While protesters from the group Code Pink gathered outside the Association for Unmanned Vehicle Systems International's (AUVSI's) Unmanned Systems conference in Washington in August, a silent war of words raged inside the Walter E. Washington Convention Center.  It started in the media room, where white pieces of paper displayed the WiFi code for journalists—“DONTSAYDRONES”—that underscored the problems facing the use of unmanned aircraft systems (UAS) in the United States.

For the geospatial community, the problems go beyond public perception and into reality. For now, private-sector professionals in the United States are in limbo. The Federal Aviation Administration will announce six test sites for UAS by the end of 2013, and the agency is supposed to establish regulations to integrate civilian use into the airspace within the next two years. But some attendees at the AUVSI conference expressed doubts that the FAA would meet the 2015 deadline.

Furthermore, privacy concerns could complicate matters. John Porcari, the deputy secretary of the U.S. Department of Transportation, said that while the department’s primary objective is safety, he realizes that a privacy policy is a necessary precursor to UAS integration. Congress could play a role in shaping the future, too. U.S. Rep. Ted Poe, R-Texas, has introduced H.R. 637, The Preserving American Privacy Act of 2013, which deals with privacy concerns and would put limits on the use of UAS in the United States. But Poe’s deputy chief of staff and legislative director, Tim Tarpley, says the legislation should not infringe on the geospatial community.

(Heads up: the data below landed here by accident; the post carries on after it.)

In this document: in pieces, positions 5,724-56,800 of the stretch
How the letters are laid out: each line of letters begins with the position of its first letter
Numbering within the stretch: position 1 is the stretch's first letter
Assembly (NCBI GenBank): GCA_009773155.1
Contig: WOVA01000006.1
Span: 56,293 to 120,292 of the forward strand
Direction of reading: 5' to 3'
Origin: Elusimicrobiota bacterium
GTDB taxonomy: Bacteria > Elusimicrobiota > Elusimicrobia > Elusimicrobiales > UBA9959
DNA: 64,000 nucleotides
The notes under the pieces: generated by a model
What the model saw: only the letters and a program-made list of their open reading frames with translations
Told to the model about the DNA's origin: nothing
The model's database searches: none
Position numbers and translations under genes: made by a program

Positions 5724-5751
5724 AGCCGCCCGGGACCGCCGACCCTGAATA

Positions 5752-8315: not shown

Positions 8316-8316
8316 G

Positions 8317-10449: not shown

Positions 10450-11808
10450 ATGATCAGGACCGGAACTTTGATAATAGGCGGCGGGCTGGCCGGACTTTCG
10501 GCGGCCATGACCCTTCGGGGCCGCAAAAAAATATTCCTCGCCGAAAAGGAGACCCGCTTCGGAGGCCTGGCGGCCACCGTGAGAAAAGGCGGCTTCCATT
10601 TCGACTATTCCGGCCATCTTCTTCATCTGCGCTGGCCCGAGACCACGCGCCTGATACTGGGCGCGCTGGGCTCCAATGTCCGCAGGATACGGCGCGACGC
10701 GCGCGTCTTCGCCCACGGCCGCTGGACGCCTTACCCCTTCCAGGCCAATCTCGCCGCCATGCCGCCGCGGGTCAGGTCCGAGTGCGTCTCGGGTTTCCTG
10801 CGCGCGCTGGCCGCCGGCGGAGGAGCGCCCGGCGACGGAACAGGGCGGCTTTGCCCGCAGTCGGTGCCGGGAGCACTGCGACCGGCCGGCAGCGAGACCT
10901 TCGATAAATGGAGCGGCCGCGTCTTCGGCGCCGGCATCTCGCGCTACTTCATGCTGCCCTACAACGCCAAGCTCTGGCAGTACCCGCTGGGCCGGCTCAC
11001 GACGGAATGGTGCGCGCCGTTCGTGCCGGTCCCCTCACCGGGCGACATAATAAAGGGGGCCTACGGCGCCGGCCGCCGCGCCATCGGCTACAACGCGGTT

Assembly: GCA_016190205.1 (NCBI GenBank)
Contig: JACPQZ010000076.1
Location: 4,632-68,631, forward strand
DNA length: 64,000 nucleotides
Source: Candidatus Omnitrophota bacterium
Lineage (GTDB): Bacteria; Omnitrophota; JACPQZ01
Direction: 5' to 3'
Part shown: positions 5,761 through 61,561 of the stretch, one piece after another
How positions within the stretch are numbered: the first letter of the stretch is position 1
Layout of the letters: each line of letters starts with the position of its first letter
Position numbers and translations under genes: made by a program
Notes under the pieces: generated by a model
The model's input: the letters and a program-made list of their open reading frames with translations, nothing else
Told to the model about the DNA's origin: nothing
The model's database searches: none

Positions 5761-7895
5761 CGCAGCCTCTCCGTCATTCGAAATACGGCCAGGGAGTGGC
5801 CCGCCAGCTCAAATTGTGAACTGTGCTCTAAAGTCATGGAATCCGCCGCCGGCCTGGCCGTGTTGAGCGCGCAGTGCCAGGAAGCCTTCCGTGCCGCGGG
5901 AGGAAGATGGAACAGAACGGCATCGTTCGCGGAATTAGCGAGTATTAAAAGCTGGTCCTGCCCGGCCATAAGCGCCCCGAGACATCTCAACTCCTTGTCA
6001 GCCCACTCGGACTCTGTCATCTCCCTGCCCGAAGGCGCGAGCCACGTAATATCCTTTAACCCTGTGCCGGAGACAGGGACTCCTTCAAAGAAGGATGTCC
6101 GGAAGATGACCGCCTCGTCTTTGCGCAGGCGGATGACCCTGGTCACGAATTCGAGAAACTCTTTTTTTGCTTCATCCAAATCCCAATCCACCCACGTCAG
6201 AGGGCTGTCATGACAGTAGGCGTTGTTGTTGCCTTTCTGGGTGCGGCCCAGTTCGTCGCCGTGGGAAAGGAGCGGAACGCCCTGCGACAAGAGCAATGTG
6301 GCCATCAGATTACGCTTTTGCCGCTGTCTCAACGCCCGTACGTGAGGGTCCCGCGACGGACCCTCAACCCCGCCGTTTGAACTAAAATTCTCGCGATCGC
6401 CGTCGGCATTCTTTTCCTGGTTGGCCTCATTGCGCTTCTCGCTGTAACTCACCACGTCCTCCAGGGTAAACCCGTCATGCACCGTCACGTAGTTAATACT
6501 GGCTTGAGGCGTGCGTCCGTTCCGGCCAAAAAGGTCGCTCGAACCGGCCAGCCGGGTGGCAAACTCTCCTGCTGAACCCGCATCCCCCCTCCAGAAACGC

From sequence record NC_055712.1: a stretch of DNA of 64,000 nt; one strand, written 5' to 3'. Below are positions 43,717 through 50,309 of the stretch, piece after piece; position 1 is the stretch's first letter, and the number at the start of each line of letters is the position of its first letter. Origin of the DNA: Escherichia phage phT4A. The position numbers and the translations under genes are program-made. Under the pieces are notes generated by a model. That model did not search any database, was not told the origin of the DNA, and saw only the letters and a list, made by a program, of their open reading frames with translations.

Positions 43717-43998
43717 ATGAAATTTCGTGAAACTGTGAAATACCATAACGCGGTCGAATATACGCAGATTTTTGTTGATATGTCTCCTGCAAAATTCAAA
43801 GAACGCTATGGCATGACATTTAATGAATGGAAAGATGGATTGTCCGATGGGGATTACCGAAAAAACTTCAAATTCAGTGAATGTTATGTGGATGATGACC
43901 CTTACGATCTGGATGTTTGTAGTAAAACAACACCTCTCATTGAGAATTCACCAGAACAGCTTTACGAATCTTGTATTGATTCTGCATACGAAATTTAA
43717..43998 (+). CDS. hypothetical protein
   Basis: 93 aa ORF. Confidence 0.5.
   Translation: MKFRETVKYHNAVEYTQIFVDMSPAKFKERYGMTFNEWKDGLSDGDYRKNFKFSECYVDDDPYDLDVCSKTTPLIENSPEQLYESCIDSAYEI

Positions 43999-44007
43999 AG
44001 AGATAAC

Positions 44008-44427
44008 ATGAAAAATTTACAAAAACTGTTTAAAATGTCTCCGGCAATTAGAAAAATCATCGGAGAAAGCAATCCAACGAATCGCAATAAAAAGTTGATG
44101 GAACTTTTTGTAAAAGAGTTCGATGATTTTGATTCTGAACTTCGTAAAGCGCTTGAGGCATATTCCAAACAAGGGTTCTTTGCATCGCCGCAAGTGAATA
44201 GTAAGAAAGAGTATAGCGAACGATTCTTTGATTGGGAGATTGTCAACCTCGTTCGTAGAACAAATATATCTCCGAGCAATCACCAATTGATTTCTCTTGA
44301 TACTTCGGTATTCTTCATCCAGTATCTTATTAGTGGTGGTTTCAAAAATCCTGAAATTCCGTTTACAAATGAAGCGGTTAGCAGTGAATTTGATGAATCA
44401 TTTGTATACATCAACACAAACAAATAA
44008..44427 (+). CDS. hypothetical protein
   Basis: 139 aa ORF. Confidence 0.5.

Despite the challenges, unmanned aircraft systems offer a world of potential, not just to the geospatial community but also to many in the private sector. According to an AUVSI report in March 2013, more than 70,000 jobs and approximately $13.6 billion will be added to the economy in the first three years UAS are integrated into the airspace. 

There appears to be demand, too. More than 8,000 people attended this year’s AUVSI conference, and more than 590 exhibitors had booths at the show—records for the event. And while a large portion of the conference catered to the defense industry, many said that the civilian sector had an increased presence at this year’s event. American Aerospace, Esri, SBG-Systems, Riegl, Trimble and Visual Intelligence were among the companies representing the geospatial community in Washington.

In addition, many attendees at a MAPPS Policy Lunch also expressed interest in expanding into UAS once they are integrated into the airspace. UAS offer advantages in speed, efficiency, safety and access into difficult-to-reach areas on some projects, and the systems could change the shape of some professions.

Edouard Guilhot-Gaudeffroy, the vice president of the French company Workfly, believes they could be transformative. “The drone today will be the revolution of tomorrow,” says Guilhot-Gaudeffroy, who estimates that civilian use accounts for 80 percent of the work done by UAS worldwide.

That potential needs a voice to counteract the negative public perception of UAS, according to Pierre le Roux of Aerometric Inc. He believes geospatial professionals should stop relying on the media and take the initiative by spreading the good news about unmanned aircraft systems. “First, you need to get your community on board,” Le Roux says. “As a community, then we have to step out wide.”